Exploring the Vernacular
Edited by Sándor Chardonnens and Bryan Carella
This paper gives an overview on the present situation of religious education at home and in the church, with the main emphasis on the Protestant perspective. The author reviews the empirical research available in this field, and an international study on confirmation activities in seven European countries that was completed in 2010 is presented in more detail. The empirical results are interpreted with reference to the contemporary discussion on religion and society or culture. In addition to the description and interpretation of the situation, the author discusses the relationship between religious education at home and in the church on the one hand and the requirements for living in a pluralistic environment on the other. He concludes that religious education at home and in the church should be complemented by religious education in the school.
Within the pluralistic character of society and the modern school, students are seeking a different kind of understanding about the relationship between their religious traditions and life. This affects Islamic religious education in many aspects, including its aims, its programs, and approach to teaching in the classroom. Recently, religious education has not been an activity of faith transfer but a matter of passing on new perspectives into the context in which the individual stands. Therefore, the teachers should strive to teach their students to live with the demands of plurality and modernity present in their world today. This paper will advance some insights on the methodological problem of communicating the Qur’anic text by introducing a communicative model of teaching in teacher training. The communicative model of teaching is a kind of reflection on the text of the Qur’an within the subject in its historical and contemporary contexts. It starts from the question: What is textual and what is contextual? This paper aims to present a communicative model of teaching, taking the Qur’anic concept of “people of the book” as an example.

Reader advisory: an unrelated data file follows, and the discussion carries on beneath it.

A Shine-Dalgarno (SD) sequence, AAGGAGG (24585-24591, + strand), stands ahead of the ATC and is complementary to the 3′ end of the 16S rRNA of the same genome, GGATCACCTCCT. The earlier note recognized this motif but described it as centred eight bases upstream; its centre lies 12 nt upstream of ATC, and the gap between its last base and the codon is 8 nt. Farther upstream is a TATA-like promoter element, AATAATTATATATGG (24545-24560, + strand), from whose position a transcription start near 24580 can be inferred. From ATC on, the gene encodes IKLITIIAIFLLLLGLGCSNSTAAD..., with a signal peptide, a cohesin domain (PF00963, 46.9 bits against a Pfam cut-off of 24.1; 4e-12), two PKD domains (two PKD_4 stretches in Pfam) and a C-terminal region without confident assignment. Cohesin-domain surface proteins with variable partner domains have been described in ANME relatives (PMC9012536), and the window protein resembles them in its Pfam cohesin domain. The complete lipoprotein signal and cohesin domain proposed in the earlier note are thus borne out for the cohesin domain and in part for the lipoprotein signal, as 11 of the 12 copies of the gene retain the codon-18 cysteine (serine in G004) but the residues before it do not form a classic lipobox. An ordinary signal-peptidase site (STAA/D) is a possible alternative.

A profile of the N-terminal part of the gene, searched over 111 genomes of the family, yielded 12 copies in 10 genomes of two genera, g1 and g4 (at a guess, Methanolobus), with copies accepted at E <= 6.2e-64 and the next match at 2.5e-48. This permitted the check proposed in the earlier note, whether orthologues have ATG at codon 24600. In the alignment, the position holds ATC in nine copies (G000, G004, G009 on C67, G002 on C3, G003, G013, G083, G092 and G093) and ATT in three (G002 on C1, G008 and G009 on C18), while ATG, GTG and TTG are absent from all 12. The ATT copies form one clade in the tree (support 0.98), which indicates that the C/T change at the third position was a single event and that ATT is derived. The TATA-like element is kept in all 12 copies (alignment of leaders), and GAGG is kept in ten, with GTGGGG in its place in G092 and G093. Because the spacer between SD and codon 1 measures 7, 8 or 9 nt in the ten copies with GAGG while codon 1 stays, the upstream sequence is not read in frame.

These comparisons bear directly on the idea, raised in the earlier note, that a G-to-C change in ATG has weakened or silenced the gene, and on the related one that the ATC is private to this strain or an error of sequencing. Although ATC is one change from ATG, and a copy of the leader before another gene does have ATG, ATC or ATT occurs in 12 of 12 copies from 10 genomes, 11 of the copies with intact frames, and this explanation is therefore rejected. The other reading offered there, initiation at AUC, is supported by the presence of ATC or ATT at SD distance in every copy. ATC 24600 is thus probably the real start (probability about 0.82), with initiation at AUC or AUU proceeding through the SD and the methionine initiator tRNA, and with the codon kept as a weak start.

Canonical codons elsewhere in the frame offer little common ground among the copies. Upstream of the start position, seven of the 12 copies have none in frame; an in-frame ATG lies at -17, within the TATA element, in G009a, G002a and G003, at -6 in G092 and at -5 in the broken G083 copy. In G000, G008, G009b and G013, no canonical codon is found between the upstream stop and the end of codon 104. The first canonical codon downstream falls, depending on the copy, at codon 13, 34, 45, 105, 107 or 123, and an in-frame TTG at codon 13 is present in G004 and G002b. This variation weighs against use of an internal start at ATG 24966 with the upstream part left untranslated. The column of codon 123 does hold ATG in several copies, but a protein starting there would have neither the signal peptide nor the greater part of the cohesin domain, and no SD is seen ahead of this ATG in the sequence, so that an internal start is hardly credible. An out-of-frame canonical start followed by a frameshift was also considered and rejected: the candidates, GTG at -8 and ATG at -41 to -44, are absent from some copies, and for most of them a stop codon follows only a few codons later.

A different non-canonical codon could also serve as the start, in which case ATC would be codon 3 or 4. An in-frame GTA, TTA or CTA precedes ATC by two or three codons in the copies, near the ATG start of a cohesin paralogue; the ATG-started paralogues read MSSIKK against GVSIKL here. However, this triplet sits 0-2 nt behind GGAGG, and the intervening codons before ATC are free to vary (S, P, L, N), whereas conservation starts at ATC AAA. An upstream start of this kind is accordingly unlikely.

Ina ter Avest
The Dutch secularized, individualized, and multicultural (also called post-pillarized) society is the background for our study on religious education (RE) practices in a pluralistic context. Three teachers in three different types of religious primary schools (a Protestant, a Muslim, and a Roman Catholic school) are presented in their everyday classroom practice of religious education (RE) with pupils from different ethnic, social and religious backgrounds. These examples are analysed and reflected upon. We come to the conclusion that -to prepare the pupils for their participation in the multicultural and multireligious society – teachers should not only "practise what they preach" but even more "preach what they practise." We recommend more research on the relationship between the biography of the teachers and her/his pedagogical strategies in the classroom. In addition, more research is needed on the development of teachers’ competencies for meta-communication with their pupils on their everyday practice of RE in the multicultural and multireligious classroom.
Dihyatun Masqon Ahmad
This paper outlines the historical development of the pondok pesantren, a type of Islamic educational boarding school in Java. The main characteristic of this school is its distinct approach toward modernizing Islamic education by using the integrated system of non-formal and informal education of the pondok pesantren on the one hand and formal education on the other. The pondok pesantren consists of four elements. (1) The kiai is a spiritual and holistic leader and teacher who gives lectures to (2) the santri (students). (3) The Pondok is a dormitory where santri live and study under the guidance of the kiai and sometimes under the supervision of senior santri. (4) The mosque is present as a space for education, worship (ibadah), learning Islamic textbooks and conducting social activities. In recent decades the pondok pesantren has developed a new Islamic educational system with new instructional methods, especially the teaching of Arabic and English. Also, a new institutional system was introduced to replace the dominant ineffective traditional management by the kiai. This was achieved by making the new pesantran system a waqf (religious endowment) so it was no longer the property of the founders or their descendants.